Background: Deep brain stimulation and levodopatherapy ameliorate motor manifestations in Parkinson's disease, but their effects on axial signs are not sustained in the long term. Objectives: The objective of this study was to investigate the safety and efficacy of spinal cord stimulation on gait disturbance in advanced Parkinson's disease. Methods: A total of 4 Parkinson's disease patients who experienced significant postural instability and gait disturbance years after chronic subthalamic stimulation were treated with spinal cord stimulation at 300 Hz. Timed-Up-GO and 20-meter-walk tests, UPDRS III, freezing of gait questionnaire, and quality-of-life scores were measured at 6 months and compared to baseline values. Blinded assessments to measure performance in the Timed-Up-GO and 20-meter-walk tests were carried out during sham stimulation at 300 Hz and 60 Hz. Results: Patients treated with spinal cord stimulation had approximately 50% to 65% improvement in gait measurements and 35% to 45% in UPDRS III and quality-of-life scores. During blinded evaluations, significant improvements in the Timed-Up-GO and 20-meter-walk tests were only recorded at 300 Hz. Conclusion: Spinal cord stimulation at 300 Hz was well tolerated and led to a significant improvement in gait.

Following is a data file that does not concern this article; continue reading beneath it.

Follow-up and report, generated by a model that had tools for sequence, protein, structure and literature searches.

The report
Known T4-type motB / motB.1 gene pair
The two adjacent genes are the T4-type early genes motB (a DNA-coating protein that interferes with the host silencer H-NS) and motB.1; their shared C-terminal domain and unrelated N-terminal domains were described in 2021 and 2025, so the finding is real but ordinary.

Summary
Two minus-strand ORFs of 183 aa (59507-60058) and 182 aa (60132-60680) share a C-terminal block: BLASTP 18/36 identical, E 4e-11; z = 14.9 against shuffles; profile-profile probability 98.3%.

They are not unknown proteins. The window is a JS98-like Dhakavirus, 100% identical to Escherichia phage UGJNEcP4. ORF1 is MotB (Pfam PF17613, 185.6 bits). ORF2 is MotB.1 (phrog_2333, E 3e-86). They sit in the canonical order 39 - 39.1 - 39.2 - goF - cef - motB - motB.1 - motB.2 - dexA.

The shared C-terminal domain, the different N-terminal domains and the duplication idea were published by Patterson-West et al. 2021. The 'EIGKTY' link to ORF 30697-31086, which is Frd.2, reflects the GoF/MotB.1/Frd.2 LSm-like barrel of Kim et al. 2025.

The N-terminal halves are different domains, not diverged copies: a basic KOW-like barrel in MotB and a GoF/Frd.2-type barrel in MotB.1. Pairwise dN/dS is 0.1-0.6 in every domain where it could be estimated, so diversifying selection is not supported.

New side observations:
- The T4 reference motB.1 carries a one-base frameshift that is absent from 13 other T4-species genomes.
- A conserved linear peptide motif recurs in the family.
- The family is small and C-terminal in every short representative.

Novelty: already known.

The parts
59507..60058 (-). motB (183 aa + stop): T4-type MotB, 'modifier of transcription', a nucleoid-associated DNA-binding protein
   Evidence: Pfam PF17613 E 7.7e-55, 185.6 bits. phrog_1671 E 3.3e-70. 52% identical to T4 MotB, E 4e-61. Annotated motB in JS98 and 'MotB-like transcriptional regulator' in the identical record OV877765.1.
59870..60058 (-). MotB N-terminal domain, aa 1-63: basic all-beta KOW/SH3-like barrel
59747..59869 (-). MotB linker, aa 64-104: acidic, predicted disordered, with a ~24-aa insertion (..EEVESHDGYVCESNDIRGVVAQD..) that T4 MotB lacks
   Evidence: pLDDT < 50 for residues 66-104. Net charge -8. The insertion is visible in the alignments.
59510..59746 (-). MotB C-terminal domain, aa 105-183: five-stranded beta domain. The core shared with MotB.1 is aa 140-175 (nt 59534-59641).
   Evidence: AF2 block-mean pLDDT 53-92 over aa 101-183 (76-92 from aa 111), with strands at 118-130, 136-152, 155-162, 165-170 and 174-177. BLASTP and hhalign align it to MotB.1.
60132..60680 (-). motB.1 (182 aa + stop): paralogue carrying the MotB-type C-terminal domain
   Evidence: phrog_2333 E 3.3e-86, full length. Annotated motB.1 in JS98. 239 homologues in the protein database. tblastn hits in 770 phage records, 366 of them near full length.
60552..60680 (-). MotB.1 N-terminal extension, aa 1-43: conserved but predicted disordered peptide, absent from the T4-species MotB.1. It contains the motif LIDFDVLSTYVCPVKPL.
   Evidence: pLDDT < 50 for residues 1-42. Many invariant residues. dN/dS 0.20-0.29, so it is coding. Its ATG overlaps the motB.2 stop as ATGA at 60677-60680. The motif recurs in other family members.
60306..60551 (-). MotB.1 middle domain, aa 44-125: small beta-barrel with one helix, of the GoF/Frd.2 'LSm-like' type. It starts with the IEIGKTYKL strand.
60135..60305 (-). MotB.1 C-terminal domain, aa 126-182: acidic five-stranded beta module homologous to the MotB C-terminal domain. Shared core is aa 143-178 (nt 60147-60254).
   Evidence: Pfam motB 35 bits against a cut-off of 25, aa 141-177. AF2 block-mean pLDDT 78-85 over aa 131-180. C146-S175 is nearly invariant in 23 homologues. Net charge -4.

- freezing of gait
- postural instability and gait disturbances
- spinal cord